Hyenas Don't Run Away from Male Lion
The king of the jungle is a highly overrated beast. In reality, the male lion sleeps 20 hours daily, waiting for lionesses to hunt and feast from their kills.
It's not impressive for a 400–500lb fully-grown lion to take on a much lesser 140lb hyena and call it a fair battle. That's why it is not astonishing when a lion kills a hyena (1 on 1). When fighting lions, hyenas utilize pack collaboration and intelligence, which lions lack.
Hyenas also utilize pure, 100% plushie potential. Besides the rabid nature, they actually look like huggable beasts. Gage Beasley's Hyena Soft Stuffed Plush Toy is a testament to that. See for yourself!
Lions and Other Beasts Fear Hyenas
Not only the lion that is fearful of these much smaller predators. Other smaller animals also fear hyenas. What causes such fear in many animals, including the lions, is that hyenas often fight in packs.
In an aggressive group attack, they outnumber the lions by a large margin and can shred them to pieces. Surprisingly, when a single hyena is noticed, there is a tendency that there are likely many more around.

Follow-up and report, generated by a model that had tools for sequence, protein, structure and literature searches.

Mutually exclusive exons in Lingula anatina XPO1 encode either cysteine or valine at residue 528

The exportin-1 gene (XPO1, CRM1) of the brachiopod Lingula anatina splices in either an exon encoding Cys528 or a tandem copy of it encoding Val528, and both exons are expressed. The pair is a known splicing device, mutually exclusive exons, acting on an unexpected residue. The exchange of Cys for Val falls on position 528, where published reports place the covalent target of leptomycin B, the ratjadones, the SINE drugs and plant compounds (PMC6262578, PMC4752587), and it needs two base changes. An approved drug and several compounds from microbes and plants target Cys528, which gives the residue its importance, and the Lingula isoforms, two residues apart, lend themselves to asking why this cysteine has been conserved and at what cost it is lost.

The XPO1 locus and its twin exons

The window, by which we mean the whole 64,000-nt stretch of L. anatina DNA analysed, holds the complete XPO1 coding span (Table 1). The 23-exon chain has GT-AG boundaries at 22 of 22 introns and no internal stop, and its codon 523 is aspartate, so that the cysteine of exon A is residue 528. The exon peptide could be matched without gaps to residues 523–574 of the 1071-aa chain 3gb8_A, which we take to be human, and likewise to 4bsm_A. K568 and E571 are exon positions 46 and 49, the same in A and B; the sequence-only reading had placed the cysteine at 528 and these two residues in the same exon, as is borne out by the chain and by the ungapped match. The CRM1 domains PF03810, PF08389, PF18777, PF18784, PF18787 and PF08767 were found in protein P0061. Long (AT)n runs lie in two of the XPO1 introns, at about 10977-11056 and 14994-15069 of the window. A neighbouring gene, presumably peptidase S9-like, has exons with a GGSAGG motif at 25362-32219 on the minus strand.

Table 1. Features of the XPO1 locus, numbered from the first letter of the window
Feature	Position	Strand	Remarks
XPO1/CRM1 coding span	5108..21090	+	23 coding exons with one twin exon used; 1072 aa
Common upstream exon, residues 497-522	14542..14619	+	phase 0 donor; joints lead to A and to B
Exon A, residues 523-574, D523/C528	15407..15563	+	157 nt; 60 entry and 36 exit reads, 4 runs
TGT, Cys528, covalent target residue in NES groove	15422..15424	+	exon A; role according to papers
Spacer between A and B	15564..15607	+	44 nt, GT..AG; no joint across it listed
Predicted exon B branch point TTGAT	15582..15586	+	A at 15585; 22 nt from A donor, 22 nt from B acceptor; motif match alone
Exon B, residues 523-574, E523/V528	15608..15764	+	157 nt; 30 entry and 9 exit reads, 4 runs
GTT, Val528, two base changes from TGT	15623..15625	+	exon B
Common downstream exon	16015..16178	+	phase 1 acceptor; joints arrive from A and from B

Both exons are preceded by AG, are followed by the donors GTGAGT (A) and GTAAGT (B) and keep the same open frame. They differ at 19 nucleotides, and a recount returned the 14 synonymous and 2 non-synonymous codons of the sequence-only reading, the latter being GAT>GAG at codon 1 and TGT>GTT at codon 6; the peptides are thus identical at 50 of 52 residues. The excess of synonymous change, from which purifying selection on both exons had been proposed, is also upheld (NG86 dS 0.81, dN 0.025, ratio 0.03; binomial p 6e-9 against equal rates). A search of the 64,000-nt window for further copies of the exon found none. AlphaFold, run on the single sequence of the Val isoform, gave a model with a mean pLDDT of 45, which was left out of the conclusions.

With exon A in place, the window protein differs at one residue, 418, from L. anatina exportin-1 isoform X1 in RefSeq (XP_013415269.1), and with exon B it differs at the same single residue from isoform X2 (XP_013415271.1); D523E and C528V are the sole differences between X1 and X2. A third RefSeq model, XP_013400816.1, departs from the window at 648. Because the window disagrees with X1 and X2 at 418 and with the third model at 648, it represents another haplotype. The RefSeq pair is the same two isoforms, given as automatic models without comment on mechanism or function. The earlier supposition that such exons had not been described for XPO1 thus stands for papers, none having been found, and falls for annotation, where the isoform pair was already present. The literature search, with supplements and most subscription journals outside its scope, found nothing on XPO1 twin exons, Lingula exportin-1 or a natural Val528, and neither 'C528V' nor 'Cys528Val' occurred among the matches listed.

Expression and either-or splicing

It is even more annoying for a lion that hyenas can always withstand a battle attack by a lion. Regardless, hyenas are highly fierce when it comes to defending their vicinity.
A single wildcat, such as a lion, can effortlessly walk into his doom if unfortunate stomped into the hyenas' vicinity.
Communication between clan members improves a hyena's effectiveness, which helps them make a coordinated attack. Hyenas also have good communication skills, which they leverage among the clan members to help launch a coordinated attack.
Differences Between a Hyena and a Lion
Lions are more significant, stronger, and slightly faster than hyenas. In comparison, hyenas have a more effective bite and senses that correspond to or slightly outperform lions. Both animals are predators that can hunt in groups, but lions often hunt solo or in lesser numbers. Hyenas will sometimes lose their food to lions who use their size and prides to disperse the hyenas.
If lucky, lions will also use their sheer cuteness to stun the hyenas. That's if it's Gage Beasley's Full Size Lion Soft Stuffed Plush Toy! I mean, it can even stun real people.